A campaign rally during the 2009 Iranian presidential election. (Image via)
In a couple of weeks, Iranians will go to the polls to choose a replacement for President Mahmoud Ahmadinejad, who's held power since 2005. Although “choose” might not be the right word. Of the hundreds of candidates who applied to run for the top job, just eight have been selected by the “Guardian Council,” a crusty cabal of senile theocrats, who make sure Iranians never really have a choice each time the election party rolls around.
Even between the eight—each of which has been approved for his piety and dedication to the “Supreme Leader,” Ayatollah Ali Khamenei—it’s unlikely to be a fair fight. Following the last election back in 2009, millions of protesters accused the ruling elite of vote rigging, censorship and suppression of reformist candidates. The government cracked down hard. On one occasion that would be totally unbelievable if it wasn't happening in the world's least democratic democracy, a candidate's real-time vote count actually fell on live TV.
There’s no reason to think this election will be any more transparent. Last week, Facebook and Twitter and were blocked, probably to head off a 2009-style youth protest movement. The press is on lock more than ever. Iran has the sixth least free media globally, according to Reporters Without Borders. And while the country falls apart, the eight candidates are locked in a complex and Westerosian power struggle.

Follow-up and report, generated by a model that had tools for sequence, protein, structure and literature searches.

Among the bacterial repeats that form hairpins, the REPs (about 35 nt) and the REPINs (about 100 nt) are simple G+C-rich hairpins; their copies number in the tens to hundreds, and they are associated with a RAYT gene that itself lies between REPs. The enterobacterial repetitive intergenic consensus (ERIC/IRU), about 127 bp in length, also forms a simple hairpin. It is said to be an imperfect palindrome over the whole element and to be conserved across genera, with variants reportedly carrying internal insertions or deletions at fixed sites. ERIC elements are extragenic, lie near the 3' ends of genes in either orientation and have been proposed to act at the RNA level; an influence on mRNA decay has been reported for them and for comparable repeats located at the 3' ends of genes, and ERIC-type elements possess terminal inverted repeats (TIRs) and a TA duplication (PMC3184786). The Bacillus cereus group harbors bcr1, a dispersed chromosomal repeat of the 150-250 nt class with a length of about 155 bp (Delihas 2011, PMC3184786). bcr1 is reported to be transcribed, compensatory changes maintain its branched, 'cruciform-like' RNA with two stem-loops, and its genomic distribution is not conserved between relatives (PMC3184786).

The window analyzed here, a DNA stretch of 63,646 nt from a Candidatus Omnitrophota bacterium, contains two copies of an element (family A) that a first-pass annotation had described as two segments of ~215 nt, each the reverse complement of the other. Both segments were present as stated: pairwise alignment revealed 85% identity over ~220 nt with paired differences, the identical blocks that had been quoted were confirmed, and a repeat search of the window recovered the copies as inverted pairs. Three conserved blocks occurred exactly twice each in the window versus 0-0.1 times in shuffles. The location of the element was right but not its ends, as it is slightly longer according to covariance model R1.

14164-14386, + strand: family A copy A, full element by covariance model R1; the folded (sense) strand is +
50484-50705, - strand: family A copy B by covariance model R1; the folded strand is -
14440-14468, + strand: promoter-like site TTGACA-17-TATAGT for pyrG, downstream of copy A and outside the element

To get an insider’s view of the race, I called Hooshang Amirahmadi, one of the candidates who failed to make the Guardian Council’s cut last week. A joint US-Iranian citizen and academic, he campaigned on a platform of reform, engagement with the US, human rights, and nuclear non-proliferation. We discussed his campaign, nukes, press freedom, and gay people.
VICE: Hi Hooshang. Why did you decide to run?
Hooshang Amirahmadi: Iran is going in the wrong direction. The country’s problems are accelerating every day—it’s very factional and has a terrible relationship with the US and major economic issues. People are suffering tremendously and they need and want change. Iranians are very nervous.
The options at the moment are a continuation of the status quo, or more sanctions, or even the possibility of war. Iranians don’t want any of these outcomes, and each is terrible for the international community. That’s why people inside and outside the country have been pushing me to run for president. They don’t want the status quo to continue and they certainly don’t like the other options.
And you were pressured to withdraw from the race?
Yes, I was forced to withdraw. I was told by the authorities that my campaign was too popular and that I was becoming controversial – people were saying that I was the only hope for Iran. The government is very concerned and doesn’t want to face another controversial, unpopular election. So they suggested that I stay away and preserve myself for running in the future.
Were you threatened?
Not really, but I was told I wouldn’t be welcomed by the government and that I would be disqualified. They told me it would be better to stay away. They never really threatened me. They were respectful.
What do you think of the Guardian Council?
[Laughs] I think they are too old! They belong in 19th century Iran, not in the 21st century. I think the whole institution is a major obstacle to free and fair elections and that the time has come for it to disappear. It’s my goal, at some point, to get rid of it. It’s the job of the Iranian people, not the Guardian Council, to decide who gets to be president. We’ll get rid of it at some point.
So you plan to run again?
Yes. The purpose of my candidacy was to create a better Iran and better domestic politics, so I will run again. We have to realize that the future of Iran is extremely important, not just for the Iranian people, but for the region and for the world. I want the future to be better than what we have now.
A burning bus in Tehran during the 2009 presidential election. (Image via)
Do you think Iran should be secular?